It has been just over two months since I relaunched this blog (my it feels longer). As it’s been quite a shift in terms of style, substance and method, I figure it’s a good time to take stock and assess how successful the changes have been. For reference, those changes were:
- A more professional and “official” look, and my own domain (craigwilly.info)
- More strategic use of Twitter (and posts more consciously targeting specific audiences)
- Systematic bilingual blogging, posts now being in French as well as English
- A shift to longer, hopefully more memorable posts (instant reactions and other ephemera being reserved for Twitter)
I thought about whether to write this a post. Is there anything more narcissistic than meta-blogging about a blog? But as Orwell pointed out, writers are necessarily very, very bigheaded, so I may as well just go ahead. Perhaps other bloggers will find something useful or will be prompted to share their own experiences and practices.
Where are my readers?: Marked shift to France
WordPress.com has a cool new feature which lets you know which countries your readers are from (and which generated the map above). According to my stats, craigwilly.info has received 4,000 views since it was relaunched in late May 2012, of which the top five countries are the following:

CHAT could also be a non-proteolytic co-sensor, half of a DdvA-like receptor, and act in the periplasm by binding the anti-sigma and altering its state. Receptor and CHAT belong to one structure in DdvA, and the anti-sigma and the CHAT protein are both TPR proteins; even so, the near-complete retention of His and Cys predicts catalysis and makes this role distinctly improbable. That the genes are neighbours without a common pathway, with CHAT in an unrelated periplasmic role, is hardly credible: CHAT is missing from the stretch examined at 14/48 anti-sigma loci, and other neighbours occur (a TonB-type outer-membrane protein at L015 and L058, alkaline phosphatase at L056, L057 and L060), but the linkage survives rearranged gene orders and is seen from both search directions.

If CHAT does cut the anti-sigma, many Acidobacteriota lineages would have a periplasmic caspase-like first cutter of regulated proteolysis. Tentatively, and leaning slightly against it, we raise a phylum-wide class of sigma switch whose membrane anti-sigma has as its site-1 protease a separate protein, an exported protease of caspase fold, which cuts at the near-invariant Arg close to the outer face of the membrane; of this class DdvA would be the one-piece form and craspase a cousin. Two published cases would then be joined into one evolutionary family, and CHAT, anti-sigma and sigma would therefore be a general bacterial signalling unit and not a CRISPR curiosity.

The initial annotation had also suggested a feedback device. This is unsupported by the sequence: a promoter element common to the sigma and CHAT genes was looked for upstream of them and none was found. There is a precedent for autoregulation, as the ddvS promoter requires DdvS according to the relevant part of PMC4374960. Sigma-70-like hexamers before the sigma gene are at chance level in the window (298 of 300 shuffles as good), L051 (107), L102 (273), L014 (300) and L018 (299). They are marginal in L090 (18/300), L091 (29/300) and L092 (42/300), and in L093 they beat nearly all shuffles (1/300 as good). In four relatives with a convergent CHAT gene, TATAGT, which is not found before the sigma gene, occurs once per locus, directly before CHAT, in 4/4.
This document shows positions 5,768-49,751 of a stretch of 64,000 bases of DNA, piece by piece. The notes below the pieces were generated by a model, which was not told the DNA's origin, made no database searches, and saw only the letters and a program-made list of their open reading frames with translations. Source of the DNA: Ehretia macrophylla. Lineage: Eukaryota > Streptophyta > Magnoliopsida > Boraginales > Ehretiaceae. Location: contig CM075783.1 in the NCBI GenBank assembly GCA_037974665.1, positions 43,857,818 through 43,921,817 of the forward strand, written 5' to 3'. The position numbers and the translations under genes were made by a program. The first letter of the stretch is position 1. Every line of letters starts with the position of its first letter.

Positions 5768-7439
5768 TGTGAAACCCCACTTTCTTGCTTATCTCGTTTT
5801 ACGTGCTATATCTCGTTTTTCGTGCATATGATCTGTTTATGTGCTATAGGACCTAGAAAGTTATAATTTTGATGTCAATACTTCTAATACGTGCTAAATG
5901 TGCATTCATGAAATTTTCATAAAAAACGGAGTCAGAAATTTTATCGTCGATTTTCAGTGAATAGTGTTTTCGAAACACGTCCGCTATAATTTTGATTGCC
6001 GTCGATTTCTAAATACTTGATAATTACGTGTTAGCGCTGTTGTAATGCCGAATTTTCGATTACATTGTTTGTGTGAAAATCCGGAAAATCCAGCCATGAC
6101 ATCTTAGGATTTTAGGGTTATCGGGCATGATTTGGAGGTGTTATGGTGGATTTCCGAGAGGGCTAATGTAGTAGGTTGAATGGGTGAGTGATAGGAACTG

- France: 952
- Belgium: 773
- United States: 416
- Germany: 310
- United Kingdom: 215
This represents a very marked shift in readership. If you compare to my previous blog’s last 4,000 (ish) views, those from the U.S. and UK are halved (previously 869 and 430 respectively), those from Belgium have increased by over 50% (449), and those from France have more than doubled (413).
I have to say I did not expect quite such a massive increase in French readership, something not evidenced by the site’s comments (come out into the light, ye lurkers!). But I’m very happy about it as spreading among French-speakers was one of the relaunch’s stated objectives (what is the point in ranting about the eurozone in English when less than 3% of its citizens are native English-speakers?) and because it’s actually pretty damn time-consuming to get stuff into French. After around eight years of thinking, studying, writing and working almost exclusively in English, my skills in that language are excellent, while my written French has suffered from severe neglect. True, it was never very good to begin, the French mentality in teaching liberal arts not really agreeing with me, but it’s good to see my return to French is paying off.
If we break it down by region we get this:
- France: 952 (c. 24%)
- “EU bubble” (BE/LU): 867 (21%)
- Germanic (DE/NL/AT): 461 (11%)
- New World Anglosphere (US/CA/AU): 457 (11%)
- European Anglosphere (UK/IE): 251 (6%)
- GIPS (GR/IT/PT/ES): 205 (5%)
- Nordics (IC/NO/SE/DK/FI): 165 (4%)
- Balkans (RS/RO): 100 (2.5%)
- Visegrád (PL/CZ/SK/HU): 75 (2%)